Researching how new tactics spread through social movements (Dr Gemma Edwards)

Uploaded by manchestersociology on 27.06.2012

My current research is looking at the diffusion of tactical innovations within social movements,
and I'm particularly interested in the Women's Social and Political Union, which was established
here in Manchester in 1903.
And I'm interested in the new tactic that the WSPU brought to the campaign for votes
for women in 1905, which was a tactic of militancy. So the idea was that you would intentionally
try to get arrested and go to prison, for the sake of the cause.
So I'm interested in this new tactic - how it spread to local areas, and why local women
decided to adopt it, or not, for themselves.
I've taken the social networks approach to looking at this question, and this involves
mapping out the personal social networks of two suffragettes in particular. So I've taken
one suffragette who did adopt militant tactics, and one who didn't, and I've tried to explore
the reasons why they made that decision.
What I've argued is that it's less to do with their individual personality and their predispositions,
and it's more to do with the nature of their personal social networks. What I mean by that
is that it's more to do with the kind of discussion and debate happening with the people around
them, and the kind of expectations that arose from their interactions with the people around
Taking a social networks approach helps us look at the connections - the web of connections
- within which these women were embedded, and to think about how the structure of those
connections, but also the kind of meaning and culture that they gave rise to, affected
their decisions on whether or not to adopt militancy.
So that method involves mapping out personal social networks and in order to do that I
use a computer software programme called UCINet. UCI Net allows you to input data about people's
connections with one another and then to visualise the networks around these people. It's really
useful for measuring things to do with the properties, or the structure, of the network.
For instance I can look at who's the most central player within the network, and also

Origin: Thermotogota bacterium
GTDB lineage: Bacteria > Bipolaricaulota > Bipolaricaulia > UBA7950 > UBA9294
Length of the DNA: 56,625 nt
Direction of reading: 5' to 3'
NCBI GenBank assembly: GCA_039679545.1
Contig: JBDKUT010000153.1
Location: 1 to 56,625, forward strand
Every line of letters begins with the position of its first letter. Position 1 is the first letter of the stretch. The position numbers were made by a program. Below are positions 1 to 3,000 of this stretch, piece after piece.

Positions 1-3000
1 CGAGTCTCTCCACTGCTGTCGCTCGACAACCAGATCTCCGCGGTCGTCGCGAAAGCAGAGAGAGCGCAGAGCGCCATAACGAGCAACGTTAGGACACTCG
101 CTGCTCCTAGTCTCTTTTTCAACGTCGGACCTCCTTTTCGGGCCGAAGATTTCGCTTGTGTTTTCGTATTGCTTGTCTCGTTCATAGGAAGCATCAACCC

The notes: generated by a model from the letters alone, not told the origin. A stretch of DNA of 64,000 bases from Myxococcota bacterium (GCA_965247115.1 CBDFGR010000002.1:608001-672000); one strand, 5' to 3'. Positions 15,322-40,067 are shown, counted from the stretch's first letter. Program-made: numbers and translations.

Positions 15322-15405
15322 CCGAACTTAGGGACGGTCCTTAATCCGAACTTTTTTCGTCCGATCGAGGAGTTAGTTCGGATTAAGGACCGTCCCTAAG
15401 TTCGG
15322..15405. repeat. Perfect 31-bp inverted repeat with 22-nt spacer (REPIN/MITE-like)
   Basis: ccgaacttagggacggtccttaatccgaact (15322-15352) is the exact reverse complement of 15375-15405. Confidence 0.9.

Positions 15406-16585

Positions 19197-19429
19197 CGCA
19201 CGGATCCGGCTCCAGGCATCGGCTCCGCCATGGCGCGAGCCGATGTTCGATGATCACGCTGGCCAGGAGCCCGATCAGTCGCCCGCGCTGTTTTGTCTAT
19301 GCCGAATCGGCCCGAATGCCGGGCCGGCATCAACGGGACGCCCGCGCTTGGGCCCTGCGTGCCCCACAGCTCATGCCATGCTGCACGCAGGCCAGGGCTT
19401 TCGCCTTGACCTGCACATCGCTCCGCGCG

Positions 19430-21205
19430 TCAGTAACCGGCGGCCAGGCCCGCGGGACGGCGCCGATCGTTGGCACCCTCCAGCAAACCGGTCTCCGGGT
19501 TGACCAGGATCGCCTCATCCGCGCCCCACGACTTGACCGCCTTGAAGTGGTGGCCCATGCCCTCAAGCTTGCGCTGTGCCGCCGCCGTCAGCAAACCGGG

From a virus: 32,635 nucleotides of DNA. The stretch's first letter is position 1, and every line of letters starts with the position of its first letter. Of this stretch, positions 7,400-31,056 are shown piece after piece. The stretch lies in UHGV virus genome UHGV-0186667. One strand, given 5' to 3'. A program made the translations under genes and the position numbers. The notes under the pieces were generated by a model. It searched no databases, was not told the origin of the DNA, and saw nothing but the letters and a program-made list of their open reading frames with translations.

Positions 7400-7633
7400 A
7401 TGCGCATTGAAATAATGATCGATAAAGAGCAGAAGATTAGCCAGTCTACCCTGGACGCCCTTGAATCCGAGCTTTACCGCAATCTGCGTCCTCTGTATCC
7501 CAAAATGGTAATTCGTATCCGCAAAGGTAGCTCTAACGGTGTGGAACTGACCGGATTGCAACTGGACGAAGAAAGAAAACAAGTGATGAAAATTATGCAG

what the composition of the network is.
This was really for seeing, for example, that it was WSPU travelling organisers that came
to local areas that really gave these women opportunities to adopt militancy. And it also
allowed me to see their contact with other militants.
What we're seeing in these two diagrams are the personal social networks of the two suffragettes
that I've looked at. I've looked at their personal social networks and mapped them using
various different sources.
So for one of the suffragettes I've the historical archive that I've got mainly consists of diaries,
family diaries that were written around the time. So I've reconstructed her personal connections
over a number of years by looking at these diaries and the kind of relational information
that we get from them.
For the other suffragette, the main historical archive involves letters, and also speeches
that she made around the time of her imprisonments. Again, I've used these sources to find the
data about their connections with other people within the suffragette movement.
And I've used these to create these personal networks. And they're personal networks because
they're the networks of connections around this one particular person. These are what
we call ego-nets, or actor-centred networks.
This project's been part of a wider project I've been involved in, and we've been looking
at social networks in social movements more widely. In particular, we're interested in
covert social movement networks. So the period when the suffragettes became involved in particular
in covert activities, so when militancy became less about getting imprisoned for the cause
and more about doing destructive acts like setting bombs and committing arson, where
the whole intention was to escape.
We're interested in how the social networks that were involved in these social movements,
how they change and adapt when activity becomes underground and covert. So what we've done
within this project is we've looked at several suffragettes and their networks. One of the
future steps is to try and put those networks together and create more of a wider movement
network, and analyse that in both quantitative and qualitative ways. It's very important
within our project that we mix the methods within social network analysis.
The main methodological contribution of this research was to use a mixed method approach
to social network analysis, and in this respect I think that formal social network analysis
can benefit a lot from coming into contact with more qualitative approaches. But at the
same time, qualitative approaches, that concentrate maybe more on the individual, or the individual's
relations with one or two significant others, can also benefit from situating that individual
within the wider social network.
So I think it gets to a level of intersubjective expectations and culture that perhaps a formal
social network analysis on its own, or a qualitative analysis on its own couldn't get to. In that
respect, we see this as a model for doing a more mixed method social network analysis.